In the past several years, you have likely seen a new type of advertisement on your news: a sponsored post or advertisement by a social media influencer. To a smaller business or a brand just getting off the ground, these posts may seem like a more organic or seamless way to promote a business, and the potential for growth - and exposure to a new group of customers - is great. However, using influencer marketing may have legal implications for franchisors and franchisees subject to business opportunity laws and other federal regulations. An influencer tasked with marketing a franchise or a brand may unintentionally violate these restrictions, and a franchisor or franchisee who uses a social media influencer to market its business must put clear guidelines in place.
What is an influencer?
An influencer usually has an established blog, a business of their own, or a substantial social media presence, and may intersperse their normal posts with posts promoting a product or service in a personal way. Influencers are often compensated for these posts via cash or free products and services, and may be compensated based on the amount of product sold through links in the post or other interest generated. Fees for these types of posts – as well as longer-term relationships between influencers and brands – can range from hundreds to millions of dollars.
Legal considerations for franchises interested in influencer marketing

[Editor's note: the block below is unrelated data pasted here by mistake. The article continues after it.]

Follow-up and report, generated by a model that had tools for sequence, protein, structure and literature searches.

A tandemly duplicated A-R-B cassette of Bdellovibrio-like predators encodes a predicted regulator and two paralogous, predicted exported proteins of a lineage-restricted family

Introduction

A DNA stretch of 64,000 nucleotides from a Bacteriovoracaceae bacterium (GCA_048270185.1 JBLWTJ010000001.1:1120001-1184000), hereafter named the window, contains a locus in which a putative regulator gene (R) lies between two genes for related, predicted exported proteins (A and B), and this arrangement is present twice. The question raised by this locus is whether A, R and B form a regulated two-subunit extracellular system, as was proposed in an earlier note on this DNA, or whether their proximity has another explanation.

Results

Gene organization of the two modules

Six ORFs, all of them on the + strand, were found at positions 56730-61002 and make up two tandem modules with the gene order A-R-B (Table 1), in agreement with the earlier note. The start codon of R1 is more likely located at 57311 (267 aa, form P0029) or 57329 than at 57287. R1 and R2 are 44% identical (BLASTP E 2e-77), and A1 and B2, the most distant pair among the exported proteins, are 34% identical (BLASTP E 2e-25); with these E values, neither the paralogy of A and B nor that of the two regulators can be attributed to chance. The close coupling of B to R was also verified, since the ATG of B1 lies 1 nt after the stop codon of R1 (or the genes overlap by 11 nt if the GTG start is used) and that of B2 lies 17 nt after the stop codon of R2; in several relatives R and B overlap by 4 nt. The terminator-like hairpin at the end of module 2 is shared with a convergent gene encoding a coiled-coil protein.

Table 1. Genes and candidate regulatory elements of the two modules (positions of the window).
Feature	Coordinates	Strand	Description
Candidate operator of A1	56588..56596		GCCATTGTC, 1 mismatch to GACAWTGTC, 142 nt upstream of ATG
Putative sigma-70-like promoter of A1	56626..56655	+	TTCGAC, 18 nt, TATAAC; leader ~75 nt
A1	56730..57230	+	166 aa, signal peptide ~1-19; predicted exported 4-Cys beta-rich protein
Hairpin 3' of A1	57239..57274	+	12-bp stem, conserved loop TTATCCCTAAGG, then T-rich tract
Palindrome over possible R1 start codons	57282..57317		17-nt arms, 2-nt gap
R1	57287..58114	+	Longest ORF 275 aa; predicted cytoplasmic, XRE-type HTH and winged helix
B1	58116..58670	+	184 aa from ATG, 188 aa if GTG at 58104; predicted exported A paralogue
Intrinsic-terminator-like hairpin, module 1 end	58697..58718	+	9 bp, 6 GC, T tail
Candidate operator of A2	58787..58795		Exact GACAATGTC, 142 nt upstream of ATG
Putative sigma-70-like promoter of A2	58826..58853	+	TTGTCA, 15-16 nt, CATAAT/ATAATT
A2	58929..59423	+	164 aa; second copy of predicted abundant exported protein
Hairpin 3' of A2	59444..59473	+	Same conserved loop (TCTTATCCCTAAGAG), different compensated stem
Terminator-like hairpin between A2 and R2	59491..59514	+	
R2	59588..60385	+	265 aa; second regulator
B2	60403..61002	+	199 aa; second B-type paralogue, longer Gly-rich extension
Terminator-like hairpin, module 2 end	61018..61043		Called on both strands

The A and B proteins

A franchisee who is considering using an influencer to market their business should first consider whether they are even entitled to do so at all under the terms of their franchise agreement. Many franchise agreements have clear social media policies and practices integrated into the agreement, and a franchisee may only be able to use the brand’s logos and market in specified ways. If a social media policy is not already established, working with a franchisor to develop and implement a new one may also be a good way to expand the business’s potential.
If the brand chooses to work with a social media influencer, it also makes sense for both a franchisee and franchisor to familiarize itself with the Federal Trade Commission’s Guides Concerning the Use of Endorsements and Testimonials in Advertising, which provide specific guidelines for the use of these more informal marketing channels. These guidelines generally require bloggers and influencers to disclose that a post or promotion regarding a product or service is an advertisement, and if they received compensation for the post or marketing scheme. Businesses are also prohibited from compensating bloggers or other marketers to write fake reviews of their product or service on internet review boards such as Yelp.
Finally – among many other considerations – a franchisee or franchise business working with an influencer must make sure that a social media influencer does not inappropriately offer a franchise for sale through a post or other interactions involving the brand. If a person encountering a post thinks that he or she can purchase or invest in a franchise business through one social media post – without receiving full financial information or other required disclosures – the franchise business runs the risk of violating both state business opportunity laws and Federal Trade Commission regulations. Franchise businesses must clearly direct any influencers who may be promoting a franchised brand to refer any interest potential franchisees to the already established franchise sales people at the franchisor so that proper procedures are followed.
If you are thinking of using a social media influencer to promote your franchise business or have questions about this article, contact the attorney listed below.